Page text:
A new study shows that sleep spindles, brief bursts of brain activity occurring during one phase of sleep and captured by EEG, may regulate anxiety in people with post-traumatic stress disorder (PTSD).
The study shines a light on the role of spindles in alleviating anxiety in PTSD as well as confirms their established role in the transfer of new information to longer-term memory storage.
The findings challenge recent work by other researchers that have indicated spindles may heighten intrusive and violent thoughts in people with PTSD.
These findings may be meaningful not only for people with PTSD but possibly for those with anxiety disorders, said the team from the University of California San Francisco.
The researchers enrolled 45 participants who had all experienced combat or noncombat trauma; approximately half had moderate symptoms of PTSD and the other half had milder symptoms or were asymptomatic.
The researchers studied the spindles during non-rapid eye movement 2 (NREM2) sleep, the phase of sleep when they mainly occur, which comprises about 50% of total sleep.
Violent images used to test brain processing
In the study, participants attended a “stress visit” in which they were shown images of violent scenes, such as accidents, war violence, and human and animal injury or mutilation, prior to a lab-monitored nap that took place about two hours later.
Anxiety surveys were conducted immediately after exposure to the images as well as after the nap when recall of the images was tested.
The researchers also compared anxiety levels in the stress visit to those in a control visit without exposure to these images.
The researchers found that spindle rate frequency was higher during the stress visit than during the control visit.
Sleeping meds and electrical stimulation may promote sleep spindles
The naps in the study took place shortly after exposure to violent images—raising a question about whether sleep occurring days or weeks after trauma will have the same therapeutic effect.
The researchers think this is likely and point to interventions that could trigger the spindles associated with NREM2 sleep and benefit patients with stress and anxiety disorders.
The researchers’ next project is to study the role of spindles in the consolidation and replay of intrusive and violent memories many weeks after trauma exposure.
How to reduce anxiety in PTSD
There are several effective strategies for reducing anxiety in people with PTSD:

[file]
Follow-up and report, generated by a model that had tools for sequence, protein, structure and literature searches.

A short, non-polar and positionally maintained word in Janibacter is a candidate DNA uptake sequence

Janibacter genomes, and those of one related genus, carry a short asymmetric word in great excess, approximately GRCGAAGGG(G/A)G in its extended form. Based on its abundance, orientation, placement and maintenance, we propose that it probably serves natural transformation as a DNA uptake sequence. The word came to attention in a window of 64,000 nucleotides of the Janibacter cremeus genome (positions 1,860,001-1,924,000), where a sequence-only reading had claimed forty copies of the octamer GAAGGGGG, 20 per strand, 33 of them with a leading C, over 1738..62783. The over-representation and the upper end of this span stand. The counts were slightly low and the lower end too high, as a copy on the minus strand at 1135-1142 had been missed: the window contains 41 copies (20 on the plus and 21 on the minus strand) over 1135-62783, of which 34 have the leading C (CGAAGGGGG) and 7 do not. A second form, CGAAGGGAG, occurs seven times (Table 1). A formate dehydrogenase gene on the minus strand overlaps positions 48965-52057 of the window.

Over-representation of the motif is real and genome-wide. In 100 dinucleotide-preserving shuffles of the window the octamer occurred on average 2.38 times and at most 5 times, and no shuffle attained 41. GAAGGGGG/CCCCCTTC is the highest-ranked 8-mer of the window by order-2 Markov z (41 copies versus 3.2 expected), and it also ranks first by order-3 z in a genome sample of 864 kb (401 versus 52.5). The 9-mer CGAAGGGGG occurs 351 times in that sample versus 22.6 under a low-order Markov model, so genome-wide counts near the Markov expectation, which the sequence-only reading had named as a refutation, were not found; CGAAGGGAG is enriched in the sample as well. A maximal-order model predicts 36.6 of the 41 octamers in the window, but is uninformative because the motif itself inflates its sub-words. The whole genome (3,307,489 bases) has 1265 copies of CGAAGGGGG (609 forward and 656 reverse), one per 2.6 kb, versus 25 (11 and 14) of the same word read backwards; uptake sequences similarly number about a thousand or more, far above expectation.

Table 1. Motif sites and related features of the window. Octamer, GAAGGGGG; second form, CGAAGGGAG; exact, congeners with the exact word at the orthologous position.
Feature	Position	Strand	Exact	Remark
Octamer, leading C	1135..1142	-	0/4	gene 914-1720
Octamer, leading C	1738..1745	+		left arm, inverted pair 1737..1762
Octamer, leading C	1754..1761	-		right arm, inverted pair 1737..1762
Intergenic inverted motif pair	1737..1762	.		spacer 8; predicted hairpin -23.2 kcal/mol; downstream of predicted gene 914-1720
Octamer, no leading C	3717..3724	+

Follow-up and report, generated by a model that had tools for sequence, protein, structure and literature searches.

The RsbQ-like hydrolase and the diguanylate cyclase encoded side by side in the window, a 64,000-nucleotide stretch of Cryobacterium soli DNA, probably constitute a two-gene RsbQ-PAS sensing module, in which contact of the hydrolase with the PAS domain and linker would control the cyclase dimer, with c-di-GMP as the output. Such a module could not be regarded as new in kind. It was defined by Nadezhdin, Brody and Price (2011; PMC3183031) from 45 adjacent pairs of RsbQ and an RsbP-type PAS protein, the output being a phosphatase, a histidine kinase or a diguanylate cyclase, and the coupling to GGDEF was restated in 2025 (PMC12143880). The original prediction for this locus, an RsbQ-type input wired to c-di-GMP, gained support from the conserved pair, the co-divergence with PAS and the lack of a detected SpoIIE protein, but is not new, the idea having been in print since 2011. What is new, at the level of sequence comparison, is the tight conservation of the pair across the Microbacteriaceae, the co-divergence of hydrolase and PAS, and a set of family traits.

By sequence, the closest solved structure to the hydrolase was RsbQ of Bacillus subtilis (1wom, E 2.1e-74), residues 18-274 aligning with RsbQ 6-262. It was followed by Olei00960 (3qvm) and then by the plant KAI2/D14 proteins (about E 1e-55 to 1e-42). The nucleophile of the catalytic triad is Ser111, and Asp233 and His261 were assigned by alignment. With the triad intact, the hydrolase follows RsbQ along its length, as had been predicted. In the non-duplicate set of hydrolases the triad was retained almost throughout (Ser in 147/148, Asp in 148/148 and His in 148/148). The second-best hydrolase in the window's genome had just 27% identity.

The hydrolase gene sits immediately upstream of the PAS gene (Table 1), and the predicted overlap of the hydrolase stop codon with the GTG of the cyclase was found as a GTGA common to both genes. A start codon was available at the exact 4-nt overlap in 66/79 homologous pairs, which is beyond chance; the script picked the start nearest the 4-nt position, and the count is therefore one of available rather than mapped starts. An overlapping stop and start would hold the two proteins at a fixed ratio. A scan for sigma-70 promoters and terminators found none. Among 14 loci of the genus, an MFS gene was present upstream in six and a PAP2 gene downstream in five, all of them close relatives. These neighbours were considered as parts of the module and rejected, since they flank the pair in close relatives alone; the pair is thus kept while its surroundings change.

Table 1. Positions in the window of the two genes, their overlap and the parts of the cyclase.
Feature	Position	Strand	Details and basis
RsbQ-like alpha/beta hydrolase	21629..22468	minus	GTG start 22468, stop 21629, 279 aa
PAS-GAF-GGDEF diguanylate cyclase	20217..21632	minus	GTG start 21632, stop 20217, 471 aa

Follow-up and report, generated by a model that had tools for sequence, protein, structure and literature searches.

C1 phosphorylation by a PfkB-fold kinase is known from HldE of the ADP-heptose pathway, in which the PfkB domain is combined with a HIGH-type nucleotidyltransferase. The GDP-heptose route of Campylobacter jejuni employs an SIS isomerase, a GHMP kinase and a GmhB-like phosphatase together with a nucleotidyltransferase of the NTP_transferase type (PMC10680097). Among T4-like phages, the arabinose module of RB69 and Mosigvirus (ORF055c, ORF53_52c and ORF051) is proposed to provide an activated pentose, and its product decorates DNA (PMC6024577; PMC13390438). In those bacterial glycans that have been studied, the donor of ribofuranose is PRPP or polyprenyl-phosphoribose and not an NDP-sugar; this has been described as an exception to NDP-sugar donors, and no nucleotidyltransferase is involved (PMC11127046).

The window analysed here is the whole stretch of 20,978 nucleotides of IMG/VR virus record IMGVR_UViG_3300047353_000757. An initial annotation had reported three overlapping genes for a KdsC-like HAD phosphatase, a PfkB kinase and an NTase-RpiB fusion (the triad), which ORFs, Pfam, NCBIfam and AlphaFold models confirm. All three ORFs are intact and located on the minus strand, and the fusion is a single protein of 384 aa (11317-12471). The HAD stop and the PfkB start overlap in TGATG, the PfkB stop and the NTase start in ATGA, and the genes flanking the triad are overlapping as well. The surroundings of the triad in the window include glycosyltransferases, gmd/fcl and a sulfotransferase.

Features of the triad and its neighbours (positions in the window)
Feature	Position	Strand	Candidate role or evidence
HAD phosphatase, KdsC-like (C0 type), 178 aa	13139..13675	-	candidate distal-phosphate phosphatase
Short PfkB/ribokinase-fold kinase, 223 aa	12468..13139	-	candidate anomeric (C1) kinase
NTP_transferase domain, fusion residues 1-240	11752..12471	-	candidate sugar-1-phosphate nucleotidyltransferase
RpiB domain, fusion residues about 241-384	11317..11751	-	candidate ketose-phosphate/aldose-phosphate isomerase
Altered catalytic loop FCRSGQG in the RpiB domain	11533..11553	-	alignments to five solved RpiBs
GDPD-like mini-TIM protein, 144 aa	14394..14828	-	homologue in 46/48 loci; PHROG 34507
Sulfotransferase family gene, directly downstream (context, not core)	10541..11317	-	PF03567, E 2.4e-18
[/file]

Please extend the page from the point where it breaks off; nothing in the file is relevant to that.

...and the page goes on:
Seek professional help: The first step is to seek professional help from a mental health provider. A trained therapist can help you develop coping strategies to manage your symptoms and reduce anxiety.
Practice relaxation techniques: Relaxation techniques like deep breathing, meditation, and yoga can help reduce anxiety and promote relaxation.
Exercise regularly: Exercise is an effective way to reduce anxiety and improve overall physical and mental health. Even light exercise like walking or yoga can be beneficial.
Get enough sleep: Getting enough sleep is essential for managing anxiety and stress. It’s important to establish a regular sleep routine and practice good sleep hygiene.
Avoid drugs and alcohol: Using drugs and alcohol to cope with PTSD can actually make symptoms worse and increase anxiety. It’s important to avoid these substances and seek healthier ways to cope.
Stay connected: Staying connected with friends and family is important for reducing anxiety and promoting overall well-being. Joining a support group can also provide a sense of community and help you feel less alone.
Avoid triggers: Avoiding triggers that remind you of the traumatic event can help reduce anxiety. This might mean avoiding certain places or situations or limiting exposure to news or media coverage of traumatic events.
Practice self-care: Engaging in self-care activities like taking a relaxing bath, listening to music, or practicing a hobby can help reduce stress and promote relaxation.
Consider medication: In some cases, medication may be helpful in reducing anxiety and other symptoms of PTSD. It’s important to talk to your healthcare provider about whether medication is right for you.
Overall, reducing anxiety in PTSD involves developing a comprehensive treatment plan that addresses both the physical and psychological aspects of the condition.
By seeking professional help and incorporating healthy coping strategies into your daily routine, it is possible to manage symptoms and improve your quality of life.
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The study was published in Biological Psychiatry: Cognitive Neuroscience and Neuroimaging.
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